Hunting and livestock groups faced off regarding a plan to let cattle graze on the Spotted Dog Wildlife Management Area north of Deer Lodge.
On Thursday, the Montana Fish and Game Commission unanimously approved letting Deer Lodge rancher Dan McQueary run cattle on a rotating set of pastures in the public property in return for letting elk use part of his ranch for winter range. But while some praised the lease agreement for helping private landowners co-exist with public wildlife, many sporting and wildlife groups complained they were cut out of the process.
“I feel more and more we are hearing from the public wanting to be engaged well before an environmental assessment comes out,” Fish, Wildlife & Parks Director Martha Williams told the commissioners. “The public demand to be engaged earlier has grown.”
FWP Region 2 Wildlife Manager Mike Thompson acknowledged he had not kept area sportsmen’s groups included to the extent they wished. He explained that the deal was between the agency representing the public and the landowner, not the interested outside groups, landowner and agency.
For his part, McQueary said the deal was needed to compensate him for the losses he’d incurred since the Spotted Dog went from a century of private ranching to public ownership.
“When the cattle grazing was removed, in my opinion the grass got tall, rank and stale,” McQueary said. “The elk went gradually toward where there was better feed for them. Over last five years, that’s moved more and more elk toward our property.”
Ranchers like Chase Hibbard argued in written comments that allowing cows to graze there would improve forage for elk. Hibbard testified he had been running cattle on the Beartooth Wildlife Management Area for 37 years, which improved both plant health and water-holding capacity in the soil. He said since 1992, elk numbers there had gone from about 2,000 to 4,500.
“If our experience is any indication, there is great potential that properly managed cattle grazing on the Spotted Dog will be good for range, good for the elk, good for the hunters and good for the community,” Hibbard wrote the commissioners.
Others doubted that theory, pointing out that elk had evolved on those grasslands for thousands of years before ranchers added cattle to “help them out.”
Montana Wildlife Federation Executive Director Dave Chadwick cited recent research showing wildlife habitat on the Spotted Dog had been hurt by past grazing activity and still hadn’t recovered. Allowing more grazing would increase potential for invasive weeds like cheatgrass to get established there and risked damaging its wetlands.
While the proposal indicates FWP and the ranchers will fence and monitor cattle activity to avoid those problems, Chadwick said the costs of that activity aren’t included in the plan.
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Chadwick also questioned why FWP appeared to be providing services to private landowners at the expense of hunters and the general public.
“Additionally, we feel that the use of sportsmen dollars to pay for the temporary fencing and continued maintenance by FWP is not in line with the intent of managing for wildlife within (Spotted Dog) and for the benefit of the general public,” Chadwick wrote. He added, “We question why the department is trying to advance the proposal without properly involving local sportsmen’s groups. While we understand that some negotiations are best done individually with landowners, sportsmen’s groups have not had an adequate opportunity to participate in the development of this proposal.”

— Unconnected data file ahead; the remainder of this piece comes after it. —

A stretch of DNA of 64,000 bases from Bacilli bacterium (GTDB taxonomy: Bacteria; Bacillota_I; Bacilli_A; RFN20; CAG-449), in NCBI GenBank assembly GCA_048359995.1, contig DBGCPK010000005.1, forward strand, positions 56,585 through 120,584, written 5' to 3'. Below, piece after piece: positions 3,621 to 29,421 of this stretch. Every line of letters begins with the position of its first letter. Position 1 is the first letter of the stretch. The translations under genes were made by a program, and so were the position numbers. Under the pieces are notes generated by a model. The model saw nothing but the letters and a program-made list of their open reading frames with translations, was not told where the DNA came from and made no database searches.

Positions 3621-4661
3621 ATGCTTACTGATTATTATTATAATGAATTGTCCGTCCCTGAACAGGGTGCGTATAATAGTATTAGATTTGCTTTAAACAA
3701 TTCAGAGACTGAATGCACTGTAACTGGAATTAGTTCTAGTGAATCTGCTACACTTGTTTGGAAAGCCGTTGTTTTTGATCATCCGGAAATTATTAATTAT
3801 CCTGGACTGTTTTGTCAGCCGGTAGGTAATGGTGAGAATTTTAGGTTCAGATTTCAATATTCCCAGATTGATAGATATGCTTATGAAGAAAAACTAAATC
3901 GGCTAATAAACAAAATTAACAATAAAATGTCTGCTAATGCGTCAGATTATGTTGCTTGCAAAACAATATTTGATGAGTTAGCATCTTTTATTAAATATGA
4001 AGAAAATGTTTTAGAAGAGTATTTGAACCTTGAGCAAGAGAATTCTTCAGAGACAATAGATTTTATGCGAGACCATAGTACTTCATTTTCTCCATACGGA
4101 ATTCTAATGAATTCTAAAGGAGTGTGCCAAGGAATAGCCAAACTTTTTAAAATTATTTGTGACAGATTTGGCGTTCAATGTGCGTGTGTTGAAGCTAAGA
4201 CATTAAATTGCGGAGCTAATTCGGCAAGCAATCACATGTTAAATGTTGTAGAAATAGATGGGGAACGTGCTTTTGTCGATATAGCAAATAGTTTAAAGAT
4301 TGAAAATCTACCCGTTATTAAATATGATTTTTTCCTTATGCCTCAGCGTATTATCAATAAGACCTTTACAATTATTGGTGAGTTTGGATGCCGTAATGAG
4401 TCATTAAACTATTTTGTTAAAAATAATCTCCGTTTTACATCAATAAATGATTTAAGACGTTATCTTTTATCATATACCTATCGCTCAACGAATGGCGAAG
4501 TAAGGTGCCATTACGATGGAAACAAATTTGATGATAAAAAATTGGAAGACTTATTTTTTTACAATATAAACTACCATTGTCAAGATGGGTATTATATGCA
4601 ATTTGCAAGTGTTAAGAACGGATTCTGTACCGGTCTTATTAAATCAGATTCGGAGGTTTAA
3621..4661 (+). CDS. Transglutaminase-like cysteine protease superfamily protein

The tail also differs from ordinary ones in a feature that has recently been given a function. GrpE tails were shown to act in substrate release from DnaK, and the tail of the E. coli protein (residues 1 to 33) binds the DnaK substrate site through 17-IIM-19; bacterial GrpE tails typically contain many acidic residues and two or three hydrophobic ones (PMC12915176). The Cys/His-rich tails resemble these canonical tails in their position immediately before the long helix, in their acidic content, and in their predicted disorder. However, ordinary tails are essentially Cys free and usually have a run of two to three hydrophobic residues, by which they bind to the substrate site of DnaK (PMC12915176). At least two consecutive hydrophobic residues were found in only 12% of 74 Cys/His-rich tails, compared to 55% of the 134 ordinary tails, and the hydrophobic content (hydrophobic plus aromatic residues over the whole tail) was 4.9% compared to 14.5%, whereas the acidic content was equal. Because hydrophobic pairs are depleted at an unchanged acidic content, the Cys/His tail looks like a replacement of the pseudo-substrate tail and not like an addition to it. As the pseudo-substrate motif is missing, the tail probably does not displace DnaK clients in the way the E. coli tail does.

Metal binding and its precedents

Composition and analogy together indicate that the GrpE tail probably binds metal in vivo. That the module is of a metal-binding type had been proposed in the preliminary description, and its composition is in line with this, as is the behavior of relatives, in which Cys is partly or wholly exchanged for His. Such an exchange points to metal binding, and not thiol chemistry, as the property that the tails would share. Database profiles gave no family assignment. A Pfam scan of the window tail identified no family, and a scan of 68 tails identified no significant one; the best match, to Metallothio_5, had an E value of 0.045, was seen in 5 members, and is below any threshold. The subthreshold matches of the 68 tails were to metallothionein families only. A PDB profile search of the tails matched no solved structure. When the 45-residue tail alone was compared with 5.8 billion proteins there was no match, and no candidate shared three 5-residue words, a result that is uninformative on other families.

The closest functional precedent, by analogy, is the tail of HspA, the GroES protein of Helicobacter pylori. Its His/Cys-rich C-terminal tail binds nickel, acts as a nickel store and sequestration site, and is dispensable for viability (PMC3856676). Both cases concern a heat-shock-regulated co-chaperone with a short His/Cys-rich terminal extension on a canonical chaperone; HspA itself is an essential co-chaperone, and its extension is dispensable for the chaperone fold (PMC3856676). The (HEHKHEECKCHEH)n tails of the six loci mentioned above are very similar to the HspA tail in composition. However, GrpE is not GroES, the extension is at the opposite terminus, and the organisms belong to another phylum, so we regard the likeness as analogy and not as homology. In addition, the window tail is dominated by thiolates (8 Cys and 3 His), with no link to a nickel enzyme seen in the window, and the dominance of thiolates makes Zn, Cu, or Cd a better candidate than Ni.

Rocky Mountain Stockgrowers Association President Dan Conn wrote the proposal could be a model for elk refuges across Montana.
“The grazing system proposed in the DEA would provide some relief for the nearby landowners who bear the brunt of the impacts from elk trespassing from the (Spotted Dog) onto private property, while also resulting in the public achieving access to public elk on public property,” Conn wrote. “Approximately 8 percent of the (Spotted Dog) would be part of the study in total — hardly enough to negatively impact the (area). Additionally, 2,100 acres of private property will be rested every year, which will also provide additional elk habitat.”
That didn’t mollify many speakers at Thursday’s commission meeting in Helena. Chris Marchion pointed out the Spotted Dog was bought as a wildlife refuge with public money from a settlement between mining companies and the state for toxic waste damage done to the Clark Fork River.
“As public owners, we’ve got to have some respect and we’re not getting it,” Marchion said. He mentioned examples where volunteer hunting groups had helped landowners fix fencing and build calving areas to offset the impacts of wildlife grazing and hunter access. He said FWP should at least include stronger provisions to protect against the spread of noxious weeds from cattle grazing.
Hellgate Hunters and Anglers President Adam Shaw added the plan didn’t address how wolves and grizzlies might be dealt with if they attack livestock on the WMA. He noted the Spotted Dog is a critical corridor for grizzlies to connect their major recovery areas in the Northern Continental Divide and Greater Yellowstone ecosystems.
University of Montana wildlife biologist Joshua Millspaugh said the research on livestock and wildlife sharing grasslands can be contradictory. While some show cattle grazing can improve the quality of vegetation for elk, other studies show they compete for the same plants.
“My opinion is that many of these papers that report negative effects can be tied back to overgrazing,” Millspaugh said. One challenge is that each study’s results depend greatly on the specific ground studied, so it’s hard to say if one conclusion applies to a different place.
The lease will run for six years, after which all parties will re-evaluate how cattle and elk are reacting to the arrangement.